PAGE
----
Probiotics are beloved by many health-conscious folks. They fit that sweet spot between natural (always good, right?) and medical (must have health benefits). I get legit hate mail if I write anything less-than-glowing about probiotics.
One charming gentleman called me “fake news” and suggested I get my head out of my “pharma fog,” as if Big Pharma and other major corporations weren’t very into selling probiotics for money.
But the truth is, probiotics aren’t automatically always good. Recently, in a few scientific papers and an FDA meeting, doctors and researchers are discussing some of the unknowns and potential harms of probiotics.
Pharmacies are full of things that won’t necessarily heal us — vitamin C, homeopathic drops, probiotics — but we shrug and buy them anyway because, hey, they can’t hurt. But now we have some concrete evidence that probiotics can hurt, if they aren’t exactly the right ones for the health condition you’re trying to treat.
Why Probiotics Are (Sometimes) Good
Probiotics are microscopic living things that we use — typically by eating them, drinking them, or swallowing a pill — for their health benefits. Most are bacteria, but yeasts and other microbes could possibly fit the description.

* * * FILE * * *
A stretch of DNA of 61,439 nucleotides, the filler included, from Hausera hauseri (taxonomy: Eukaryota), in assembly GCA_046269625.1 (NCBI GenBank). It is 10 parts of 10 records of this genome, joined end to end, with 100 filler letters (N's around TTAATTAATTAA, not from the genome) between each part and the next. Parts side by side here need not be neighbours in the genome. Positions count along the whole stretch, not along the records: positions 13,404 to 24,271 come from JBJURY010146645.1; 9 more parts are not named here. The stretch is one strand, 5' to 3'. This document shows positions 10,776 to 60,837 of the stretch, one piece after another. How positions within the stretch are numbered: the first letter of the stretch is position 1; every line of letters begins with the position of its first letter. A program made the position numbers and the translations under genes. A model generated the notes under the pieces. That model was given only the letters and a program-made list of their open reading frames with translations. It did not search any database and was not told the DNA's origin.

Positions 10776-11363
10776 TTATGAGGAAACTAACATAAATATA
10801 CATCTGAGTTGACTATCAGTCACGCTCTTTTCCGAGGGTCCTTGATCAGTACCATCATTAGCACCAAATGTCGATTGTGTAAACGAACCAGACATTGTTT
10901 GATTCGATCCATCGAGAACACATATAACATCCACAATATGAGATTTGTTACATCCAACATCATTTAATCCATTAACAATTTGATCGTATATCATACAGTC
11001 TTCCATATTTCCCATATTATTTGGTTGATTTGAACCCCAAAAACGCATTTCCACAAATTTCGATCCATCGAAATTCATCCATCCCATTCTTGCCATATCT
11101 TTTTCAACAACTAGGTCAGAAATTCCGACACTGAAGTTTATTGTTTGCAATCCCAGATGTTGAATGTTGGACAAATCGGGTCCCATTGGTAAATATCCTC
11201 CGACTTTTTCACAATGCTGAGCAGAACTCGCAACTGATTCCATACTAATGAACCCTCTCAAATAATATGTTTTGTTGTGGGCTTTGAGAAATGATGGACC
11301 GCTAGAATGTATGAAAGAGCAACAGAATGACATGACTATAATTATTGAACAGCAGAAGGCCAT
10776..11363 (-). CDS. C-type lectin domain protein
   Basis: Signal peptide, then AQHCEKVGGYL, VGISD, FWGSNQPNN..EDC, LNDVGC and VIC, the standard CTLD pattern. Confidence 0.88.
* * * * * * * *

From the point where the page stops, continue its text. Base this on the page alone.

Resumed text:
Our bodies need bacteria and other microbes. The bacteria on our skin prevent other, nastier germs from moving in and causing trouble. We have “good” bacteria in our mouths, noses, vaginas, and pretty much every place where the body meets the outside world. Our digestive tract, and especially our large intestine, harbour huge numbers of microbes, enough to possibly outnumber the human cells that our bodies are made of.
Even at our cleanest, we are covered in germs and we are full of germs. It's OK! That's totally normal. These microorganisms are essential to our health. You probably don't need to mess with them, but if you'd like to try, the terms to know are prebiotics and probiotics.